Congratulations to Captain William Powel and Sgt. Ishmael Caraballo upon their retirement. Bill and Ish joined both retired Monday after 34 years of service each. Ish was a turn supervisor on C-Patrol, the night shift. He served most of his 34 years on the job in the patrol division, with a very brief tour in the YPD Crime Laboratory. He described himself as ‘blue through and through’. Ish was the recipient of many departmental awards including several meritorious service citations. Bill was the commander in charge of A-Patrol, the day shift. He spent many of his years working in specialize units and was cited many times for meritorious service. Thank you for your many years of service.

The YPD Master Cruiser patrolled with 4 officers.

Debbie Jones

Officer Robert Kuti

Christmas party for A-Turn officers. Rear row Tulips, Colleen, Dave, Big Daddy, Rusty and Ken Front row: Dan, Terry, Bob and Esh. Bob (center front is retiring at the end of December after serving over 33 years).

Word of Caution With the inevitable arrival of our first snowfall, there are some things you should be aware of. We live in Northeast Ohio…..it SNOWS…roads get slippery…. It is our responsibility to drive to the conditions, not necessarily the actual speed limit. If the roads are bad….SLOW down. Many accidents can be avoided if vehicles would drive according to the weather, both rain and snow. Bad weather will not be a defense to being issued a citation. There are certain areas in the city that seem to have a high proportional number of crashes, specifically 711 and IR 680. Understand this and drive accordingly, slow down and give yourself room for evasive action should it be needed. Secondly, the vast majority of the fatalities that I have investigated may have had a different outcome had the individuals been wearing seatbelts. It is my experience that speed and non-use of seatbelts are the leading contributing factors to our fatality rate. The seatbelt issue is not new and some individuals refuse to wear them citing freedom issues. I will just say that the seatbelt was not invented for your inconvenience; it was developed after much research from crash stats that tell us why people die in crashes. I can only ask that you think about that when you start your vehicle, because I hate to meet you in the course of my job. Sgt. Garcar, Accident Investigator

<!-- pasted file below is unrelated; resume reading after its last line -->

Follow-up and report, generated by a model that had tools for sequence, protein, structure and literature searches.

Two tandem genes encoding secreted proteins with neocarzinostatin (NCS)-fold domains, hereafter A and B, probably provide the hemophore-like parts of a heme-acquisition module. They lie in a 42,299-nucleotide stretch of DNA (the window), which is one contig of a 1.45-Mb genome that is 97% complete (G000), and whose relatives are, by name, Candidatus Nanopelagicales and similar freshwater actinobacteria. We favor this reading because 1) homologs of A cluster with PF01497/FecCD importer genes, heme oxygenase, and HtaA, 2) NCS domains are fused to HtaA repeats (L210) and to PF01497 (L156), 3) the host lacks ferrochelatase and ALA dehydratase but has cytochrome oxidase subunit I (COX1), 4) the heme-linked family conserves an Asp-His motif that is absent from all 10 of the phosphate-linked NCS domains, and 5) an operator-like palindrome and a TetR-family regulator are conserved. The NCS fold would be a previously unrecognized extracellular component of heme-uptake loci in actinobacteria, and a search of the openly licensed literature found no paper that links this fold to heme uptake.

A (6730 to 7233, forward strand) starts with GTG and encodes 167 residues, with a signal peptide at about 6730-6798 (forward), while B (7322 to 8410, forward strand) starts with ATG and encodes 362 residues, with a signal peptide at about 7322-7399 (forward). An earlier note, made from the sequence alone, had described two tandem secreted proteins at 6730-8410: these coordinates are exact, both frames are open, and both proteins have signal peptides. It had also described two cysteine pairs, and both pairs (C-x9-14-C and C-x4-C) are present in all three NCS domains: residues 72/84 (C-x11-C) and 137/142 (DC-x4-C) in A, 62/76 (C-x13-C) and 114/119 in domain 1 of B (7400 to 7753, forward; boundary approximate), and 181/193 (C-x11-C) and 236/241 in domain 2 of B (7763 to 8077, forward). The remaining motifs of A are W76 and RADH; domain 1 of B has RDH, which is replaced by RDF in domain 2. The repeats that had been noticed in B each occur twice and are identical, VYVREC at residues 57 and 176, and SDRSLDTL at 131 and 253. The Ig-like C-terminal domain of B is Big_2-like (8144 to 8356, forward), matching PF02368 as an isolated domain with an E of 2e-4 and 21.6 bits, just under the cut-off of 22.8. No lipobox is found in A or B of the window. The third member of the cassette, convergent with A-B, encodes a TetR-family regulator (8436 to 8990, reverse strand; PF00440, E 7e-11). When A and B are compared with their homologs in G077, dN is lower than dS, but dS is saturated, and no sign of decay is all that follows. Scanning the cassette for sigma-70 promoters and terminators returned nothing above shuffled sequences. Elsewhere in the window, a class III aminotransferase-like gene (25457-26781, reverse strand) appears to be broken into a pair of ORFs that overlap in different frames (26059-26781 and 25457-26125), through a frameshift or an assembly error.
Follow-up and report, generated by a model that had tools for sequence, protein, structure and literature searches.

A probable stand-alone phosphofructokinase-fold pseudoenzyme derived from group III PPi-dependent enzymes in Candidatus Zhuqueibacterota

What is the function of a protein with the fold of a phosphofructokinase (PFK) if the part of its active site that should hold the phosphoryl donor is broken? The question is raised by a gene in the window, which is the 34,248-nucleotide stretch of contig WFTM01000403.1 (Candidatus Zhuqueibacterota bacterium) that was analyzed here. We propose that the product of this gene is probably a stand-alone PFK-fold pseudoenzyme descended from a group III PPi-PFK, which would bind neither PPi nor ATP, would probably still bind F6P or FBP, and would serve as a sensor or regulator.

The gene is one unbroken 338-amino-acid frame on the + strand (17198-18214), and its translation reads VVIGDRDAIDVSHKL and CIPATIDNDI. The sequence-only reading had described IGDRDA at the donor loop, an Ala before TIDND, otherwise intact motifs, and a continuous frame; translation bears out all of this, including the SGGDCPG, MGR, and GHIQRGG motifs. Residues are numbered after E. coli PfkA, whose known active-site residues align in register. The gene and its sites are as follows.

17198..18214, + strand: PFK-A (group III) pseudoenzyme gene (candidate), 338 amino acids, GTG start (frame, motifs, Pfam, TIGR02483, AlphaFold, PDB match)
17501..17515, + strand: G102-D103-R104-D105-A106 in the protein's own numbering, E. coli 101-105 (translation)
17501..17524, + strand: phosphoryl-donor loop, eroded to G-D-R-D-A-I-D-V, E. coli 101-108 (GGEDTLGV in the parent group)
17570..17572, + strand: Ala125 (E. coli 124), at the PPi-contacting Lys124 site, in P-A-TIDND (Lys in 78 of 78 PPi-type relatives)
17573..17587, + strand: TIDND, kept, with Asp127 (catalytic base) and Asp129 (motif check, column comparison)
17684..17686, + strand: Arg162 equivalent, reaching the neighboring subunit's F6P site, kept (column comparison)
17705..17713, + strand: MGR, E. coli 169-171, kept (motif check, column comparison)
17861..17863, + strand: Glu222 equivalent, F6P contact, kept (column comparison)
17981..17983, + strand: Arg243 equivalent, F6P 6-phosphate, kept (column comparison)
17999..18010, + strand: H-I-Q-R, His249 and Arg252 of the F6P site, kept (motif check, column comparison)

Motorists on Mahoning Avenue using curb lanes for turning

We are sad to report the passing of retired YPD John "Big John" Averhart, brother of Sgt. Lou Averhart (ret). Officer Averhart retired from the department in 1993. In addition to the uniformed division Big John also worked Vice and Internal Affairs.

HOLIDAY PARADE DOWNTOWN YOUNGSTOWN Saturday December 3rd. Expect detours and delays between 2pm-5pm. Santa and Mrs. Claus will be a part of the parade

Traffic Fatalities in Youngstown

TRAFFIC ACCIDENTS - SELF REPORTING